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On Finding Inspiration: A Spilling Ink Creativity Blog Guest Post 

One Monday morning in 1978, I walked to the little green school in my little piece of sunny South Africa, and sat down at my wooden desk. I stuck my pencils in the inkwell and realised with horror that I had forgotten all about my teacher’s instruction: please bring in a picture from a newspaper or magazine.

Our teacher was a lovely woman in high heels and a cheerful sari. “Now children, I want you to paste the picture into your English books and then write as much as you can about it.” Everyone nodded obediently while my eyes darted around the classroom looking out for anyone with an extra picture.

Sure enough, one of the swotty boys, who also happened to be rather snobby, was busy laying out his collection of brightly coloured pictures. I went over, and asked nicely. He shook his head. I begged and pleaded - and after thinking about it for absolute ages, he finally parted with the only black and white picture. I swallowed my disappointment, grabbed onto it gratefully and scuttled back to my seat.

It was a picture of a new hotel being built in my city’s Golden Mile - the road along the beach, and the place where most people took their Sunday Afternoon Drive. I loved the beach road and yesterday, my father had cruised slowly past this hotel and pointed it out to my brother and me. It was the tallest building in the city and had a lift on the outside.  “And inside,” my father said, “instead of normal lights, there are beautiful crystal chandeliers! Like a palace!.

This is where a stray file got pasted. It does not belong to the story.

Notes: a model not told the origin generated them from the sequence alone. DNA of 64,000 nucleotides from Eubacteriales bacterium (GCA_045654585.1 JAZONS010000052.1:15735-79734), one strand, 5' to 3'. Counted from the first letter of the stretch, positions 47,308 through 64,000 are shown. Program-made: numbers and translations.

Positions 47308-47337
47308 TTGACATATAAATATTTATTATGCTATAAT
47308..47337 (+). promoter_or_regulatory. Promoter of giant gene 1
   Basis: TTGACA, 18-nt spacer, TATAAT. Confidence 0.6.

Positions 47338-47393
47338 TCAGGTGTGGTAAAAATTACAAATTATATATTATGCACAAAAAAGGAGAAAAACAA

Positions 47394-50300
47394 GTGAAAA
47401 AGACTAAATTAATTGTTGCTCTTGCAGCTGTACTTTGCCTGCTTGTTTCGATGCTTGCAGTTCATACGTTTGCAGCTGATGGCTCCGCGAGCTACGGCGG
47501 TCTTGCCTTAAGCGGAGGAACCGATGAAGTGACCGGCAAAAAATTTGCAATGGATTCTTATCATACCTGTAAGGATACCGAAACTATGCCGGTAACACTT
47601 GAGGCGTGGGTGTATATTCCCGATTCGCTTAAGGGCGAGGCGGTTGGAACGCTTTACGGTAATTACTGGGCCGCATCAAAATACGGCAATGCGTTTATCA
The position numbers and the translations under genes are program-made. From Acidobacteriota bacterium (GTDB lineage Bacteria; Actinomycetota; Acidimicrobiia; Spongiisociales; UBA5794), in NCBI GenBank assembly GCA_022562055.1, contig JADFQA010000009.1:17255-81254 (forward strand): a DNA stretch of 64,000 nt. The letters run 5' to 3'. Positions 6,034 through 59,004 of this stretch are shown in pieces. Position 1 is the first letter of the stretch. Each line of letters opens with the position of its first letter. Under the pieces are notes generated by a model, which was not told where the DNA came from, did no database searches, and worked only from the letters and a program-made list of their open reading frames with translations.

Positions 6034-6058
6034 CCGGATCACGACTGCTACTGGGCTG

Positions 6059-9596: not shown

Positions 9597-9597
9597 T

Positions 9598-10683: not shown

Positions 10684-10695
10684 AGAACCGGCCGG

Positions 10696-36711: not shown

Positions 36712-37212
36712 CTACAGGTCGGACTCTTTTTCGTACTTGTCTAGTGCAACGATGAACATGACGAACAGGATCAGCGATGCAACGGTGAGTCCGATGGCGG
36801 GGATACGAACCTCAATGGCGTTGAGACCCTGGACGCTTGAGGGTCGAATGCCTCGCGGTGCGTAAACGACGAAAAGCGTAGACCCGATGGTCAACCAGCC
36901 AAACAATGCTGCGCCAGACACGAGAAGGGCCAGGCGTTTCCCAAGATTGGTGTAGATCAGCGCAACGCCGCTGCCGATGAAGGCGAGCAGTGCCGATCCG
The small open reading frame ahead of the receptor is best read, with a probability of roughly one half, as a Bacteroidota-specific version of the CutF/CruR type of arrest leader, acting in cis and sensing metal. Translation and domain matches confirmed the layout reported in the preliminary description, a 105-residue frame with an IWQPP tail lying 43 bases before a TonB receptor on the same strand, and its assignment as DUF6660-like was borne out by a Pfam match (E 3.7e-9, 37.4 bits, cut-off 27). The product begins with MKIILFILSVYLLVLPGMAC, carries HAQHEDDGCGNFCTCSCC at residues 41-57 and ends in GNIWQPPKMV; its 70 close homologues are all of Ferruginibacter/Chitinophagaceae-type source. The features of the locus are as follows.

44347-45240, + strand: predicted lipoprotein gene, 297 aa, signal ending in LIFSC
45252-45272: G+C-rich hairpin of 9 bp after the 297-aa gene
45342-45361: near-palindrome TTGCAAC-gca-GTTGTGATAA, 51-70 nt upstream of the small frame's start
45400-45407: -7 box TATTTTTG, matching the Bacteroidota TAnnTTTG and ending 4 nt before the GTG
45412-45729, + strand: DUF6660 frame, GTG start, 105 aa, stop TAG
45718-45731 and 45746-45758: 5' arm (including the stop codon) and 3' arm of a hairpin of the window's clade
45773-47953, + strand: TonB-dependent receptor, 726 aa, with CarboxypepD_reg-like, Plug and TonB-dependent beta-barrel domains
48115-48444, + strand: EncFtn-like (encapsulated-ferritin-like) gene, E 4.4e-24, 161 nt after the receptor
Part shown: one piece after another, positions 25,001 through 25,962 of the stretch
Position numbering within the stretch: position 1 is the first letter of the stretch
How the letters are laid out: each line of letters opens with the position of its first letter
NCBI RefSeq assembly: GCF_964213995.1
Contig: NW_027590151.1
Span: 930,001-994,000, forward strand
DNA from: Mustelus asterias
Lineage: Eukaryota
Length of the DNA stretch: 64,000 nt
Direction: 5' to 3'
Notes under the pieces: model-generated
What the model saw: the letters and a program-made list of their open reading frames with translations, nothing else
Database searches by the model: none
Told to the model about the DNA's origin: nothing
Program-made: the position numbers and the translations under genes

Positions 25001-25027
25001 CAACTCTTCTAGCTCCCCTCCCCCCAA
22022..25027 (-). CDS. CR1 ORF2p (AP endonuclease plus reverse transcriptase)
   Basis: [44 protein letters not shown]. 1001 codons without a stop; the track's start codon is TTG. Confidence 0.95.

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I glued this picture carefully into my exercise book and chewed on my pencil for a few seconds before getting on with the task. For the first time, I waited impatiently for our teacher to mark my work – and squealed with delight as she stuck a star into my exercise book! The gold star shone against the black and white picture and I hopped and skipped back to my seat – amazed that I could write and even more amazed that I’d enjoyed it . . .

Nowadays, getting started is always the most difficult thing for me and whenever I am stuck or overwhelmed, I search around for something familiar, and start with that. I think of the Maharani Hotel that is no longer such an icon in my hometown and remind myself that it is a little easier if you know what you’re writing about. I also remember the boy who thought he was giving me his worst picture and tell myself that inspiration often comes from unexpected places or people.
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